Aperture-priority AE Mode

If your preference is for DoF (Depth-of-Field) shots, use the X-700 in A mode. The camera will automatically set the step-less shutter speed to yield proper exposure for the aperture you set. Controlling the DoF, or for auto-exposure control can be done with virtually any Minolta SLR lens or accessory.


Metered/Full-Manual Mode

To go into metered/full-manual mode, rotate the shutter speed dial to any of the preset speed selection on the dial, then use the aperture ring on the camera lens to adjust the lens aperture to match the shutter speed you set, or do it vice versa, that is by pre-setting the aperture opening on the lens and adjusting the shutter speed to match.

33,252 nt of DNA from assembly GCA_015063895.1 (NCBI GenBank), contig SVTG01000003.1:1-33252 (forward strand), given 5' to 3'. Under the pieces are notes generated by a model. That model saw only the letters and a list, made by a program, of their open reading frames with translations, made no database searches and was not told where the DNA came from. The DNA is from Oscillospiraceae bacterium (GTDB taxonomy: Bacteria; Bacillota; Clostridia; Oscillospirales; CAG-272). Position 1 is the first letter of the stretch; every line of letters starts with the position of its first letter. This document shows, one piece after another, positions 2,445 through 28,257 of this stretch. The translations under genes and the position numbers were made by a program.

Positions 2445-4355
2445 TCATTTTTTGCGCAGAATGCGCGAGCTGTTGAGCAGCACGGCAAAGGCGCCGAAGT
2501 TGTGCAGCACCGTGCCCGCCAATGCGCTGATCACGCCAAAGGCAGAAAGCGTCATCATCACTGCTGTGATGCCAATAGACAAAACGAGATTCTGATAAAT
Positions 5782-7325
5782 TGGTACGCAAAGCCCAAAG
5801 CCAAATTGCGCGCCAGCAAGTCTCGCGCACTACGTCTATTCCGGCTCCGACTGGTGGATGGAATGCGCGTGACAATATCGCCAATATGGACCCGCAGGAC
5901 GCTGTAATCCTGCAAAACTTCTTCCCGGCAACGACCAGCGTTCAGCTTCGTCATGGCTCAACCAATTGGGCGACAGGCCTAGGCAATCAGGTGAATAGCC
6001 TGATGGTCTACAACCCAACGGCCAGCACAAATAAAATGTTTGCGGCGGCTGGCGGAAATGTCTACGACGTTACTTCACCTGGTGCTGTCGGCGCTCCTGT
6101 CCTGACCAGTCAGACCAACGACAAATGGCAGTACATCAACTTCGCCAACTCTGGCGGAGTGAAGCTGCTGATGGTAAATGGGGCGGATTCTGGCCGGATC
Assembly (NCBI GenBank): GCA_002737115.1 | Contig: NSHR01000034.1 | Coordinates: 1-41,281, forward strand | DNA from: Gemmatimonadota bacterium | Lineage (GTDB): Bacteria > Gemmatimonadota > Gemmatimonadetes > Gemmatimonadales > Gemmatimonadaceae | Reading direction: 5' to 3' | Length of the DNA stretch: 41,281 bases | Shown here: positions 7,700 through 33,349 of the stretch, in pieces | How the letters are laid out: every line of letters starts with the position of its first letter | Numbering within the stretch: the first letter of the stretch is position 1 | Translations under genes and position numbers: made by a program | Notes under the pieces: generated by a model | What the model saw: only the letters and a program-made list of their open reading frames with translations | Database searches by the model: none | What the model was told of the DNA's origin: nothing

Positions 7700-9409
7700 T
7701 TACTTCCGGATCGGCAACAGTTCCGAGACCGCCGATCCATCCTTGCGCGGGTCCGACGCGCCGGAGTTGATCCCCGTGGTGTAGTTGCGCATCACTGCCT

AE (Auto-Exposure) Lock

The AE Lock of the X-700 requires a two-fingered operation. Use your middle finger to press the AE Lock button, and your index finger to release the shutter.

Battery

The X-700 requires 2 SR44 or LR44 cells to operate both the metering and shutter system.


Using The Camera

The best part of using the camera was its simplicity of use, with the Programmed AE mode, which you can sum it up to be as easy as any focus-and-shoot camera that you have out there. With a camera body weight of only 505 grams, the X-700 is no strain at all either in the hands or on your neck. What I like most about the camera is the reassuring sound of its mirror flap and shutter actuation, which is neither loud or clinky, but rather a much softer and well-damped swish and clunk, reminiscent of all other Minolta X-series camera that I have used.